Materiality (architecture) is another key selling tool, the choices made must not only be aesthetically pleasing and persuasive but also functional with a minimal need for maintenance.[23] Retail spaces are high traffic area and are thus exposed to a lot of wear this means that possible finishes of the materials should be durable. The warmth of a material will make the space more inviting, a floor that is firm and somewhat buoyant will be more comfortable for that consumer to walk on and thus this will allow them to take longer when exploring the store.[24][25] By switching materials throughout the store zones/ areas can be defined, for example by making the path one material and contrast it against another for the selling areas this help to guide the consumer through the store. Colour is also important to consider it must not over power or clash against the merchandise but rather create a complementary background for the merchandise. As merchandise will change seasonally the interior colours should not be trend based but rather have timeless appeal like neutral based colours.[24][25]

Visual branding of the store will ensure a memorable experience for the consumer to take with them once they leave the store ensuring that they will want to return. The key factor is consistency exterior branding and signage should continue into the interior, they should attract, stimulate and dramatise the store. To ensure consistency the font should be consistent with the font size altering.[26] The interior branding should allow the consumer to easily self direct themselves through the store, proper placement of sales signs that will draw consumer in and show exactly where the cashier is located. The branding should reflect what the merchandise is and what the target market would be drawn to.[27][28]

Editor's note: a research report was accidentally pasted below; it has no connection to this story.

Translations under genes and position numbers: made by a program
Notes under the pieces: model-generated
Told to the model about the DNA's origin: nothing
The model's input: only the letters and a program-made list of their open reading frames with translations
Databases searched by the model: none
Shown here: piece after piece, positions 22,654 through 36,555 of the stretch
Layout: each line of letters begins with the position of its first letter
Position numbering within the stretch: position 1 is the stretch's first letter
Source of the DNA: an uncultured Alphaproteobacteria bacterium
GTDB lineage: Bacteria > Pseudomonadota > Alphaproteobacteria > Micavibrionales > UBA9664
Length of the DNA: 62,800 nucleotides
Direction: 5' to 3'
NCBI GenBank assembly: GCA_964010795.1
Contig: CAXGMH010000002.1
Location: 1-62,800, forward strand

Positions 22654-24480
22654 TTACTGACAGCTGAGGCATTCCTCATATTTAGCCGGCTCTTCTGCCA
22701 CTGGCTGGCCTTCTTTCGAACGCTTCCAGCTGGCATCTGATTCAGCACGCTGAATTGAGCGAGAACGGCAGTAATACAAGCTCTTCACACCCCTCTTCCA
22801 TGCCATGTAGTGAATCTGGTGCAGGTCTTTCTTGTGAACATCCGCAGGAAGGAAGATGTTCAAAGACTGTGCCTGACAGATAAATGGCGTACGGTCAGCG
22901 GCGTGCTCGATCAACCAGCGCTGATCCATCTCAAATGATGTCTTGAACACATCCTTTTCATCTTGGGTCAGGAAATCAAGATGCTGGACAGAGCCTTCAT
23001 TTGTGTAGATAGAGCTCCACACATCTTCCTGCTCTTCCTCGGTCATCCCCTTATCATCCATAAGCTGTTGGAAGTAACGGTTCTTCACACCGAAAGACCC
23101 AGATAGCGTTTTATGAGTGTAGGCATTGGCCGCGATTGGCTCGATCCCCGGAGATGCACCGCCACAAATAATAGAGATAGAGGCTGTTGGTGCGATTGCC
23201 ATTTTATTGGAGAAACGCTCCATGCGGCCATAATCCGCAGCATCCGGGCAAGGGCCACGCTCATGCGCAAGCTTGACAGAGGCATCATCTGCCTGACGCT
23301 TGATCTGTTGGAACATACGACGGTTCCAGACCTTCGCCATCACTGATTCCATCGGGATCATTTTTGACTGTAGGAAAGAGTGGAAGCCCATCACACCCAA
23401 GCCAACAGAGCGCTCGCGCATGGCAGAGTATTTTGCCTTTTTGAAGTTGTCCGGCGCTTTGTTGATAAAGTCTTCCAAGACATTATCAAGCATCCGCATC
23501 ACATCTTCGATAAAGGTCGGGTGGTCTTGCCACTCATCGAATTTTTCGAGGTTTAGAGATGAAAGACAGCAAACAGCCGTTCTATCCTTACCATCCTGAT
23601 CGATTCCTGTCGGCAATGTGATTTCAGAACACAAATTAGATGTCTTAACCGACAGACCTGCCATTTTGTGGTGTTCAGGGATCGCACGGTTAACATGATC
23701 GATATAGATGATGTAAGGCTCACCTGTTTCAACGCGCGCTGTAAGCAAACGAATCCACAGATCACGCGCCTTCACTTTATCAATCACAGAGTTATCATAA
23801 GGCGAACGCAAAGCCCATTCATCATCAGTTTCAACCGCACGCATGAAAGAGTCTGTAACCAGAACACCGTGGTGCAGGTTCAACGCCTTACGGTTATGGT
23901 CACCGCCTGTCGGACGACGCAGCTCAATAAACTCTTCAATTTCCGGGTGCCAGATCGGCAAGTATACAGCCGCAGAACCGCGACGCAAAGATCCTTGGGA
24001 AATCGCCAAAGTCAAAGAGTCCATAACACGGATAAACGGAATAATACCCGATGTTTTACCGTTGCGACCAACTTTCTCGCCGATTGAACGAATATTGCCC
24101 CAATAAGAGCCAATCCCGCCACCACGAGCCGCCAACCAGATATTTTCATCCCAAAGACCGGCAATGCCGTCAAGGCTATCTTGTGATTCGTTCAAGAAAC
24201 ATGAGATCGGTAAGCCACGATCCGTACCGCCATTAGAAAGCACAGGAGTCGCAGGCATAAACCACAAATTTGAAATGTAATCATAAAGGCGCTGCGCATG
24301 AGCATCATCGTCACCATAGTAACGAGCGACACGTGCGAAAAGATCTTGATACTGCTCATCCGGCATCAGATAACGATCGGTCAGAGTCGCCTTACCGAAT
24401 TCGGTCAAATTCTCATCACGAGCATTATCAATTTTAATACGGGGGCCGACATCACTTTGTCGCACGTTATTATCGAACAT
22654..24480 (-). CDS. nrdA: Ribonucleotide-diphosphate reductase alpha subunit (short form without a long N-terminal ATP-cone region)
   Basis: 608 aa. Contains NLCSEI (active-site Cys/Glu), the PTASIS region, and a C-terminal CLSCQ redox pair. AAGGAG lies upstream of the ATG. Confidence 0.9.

Perspective[edit]

The final element of a well-executed retail space is the staging of the consumer's perspective. It is the role of retail design to have total control of the view that the consumer will have of the retail space. From the exterior of a retail store the consumer should have a clear unobstructed view into the interior.[29]

See also[edit]

References[edit]

  1. ^ "Retail design" by Otto Riewoldt, te Neues, 2000
  2. ^ "Becoming an Architect: A Guide to Careers in Design" by Lee W. Waldrep, John Wiley and Sons, 2009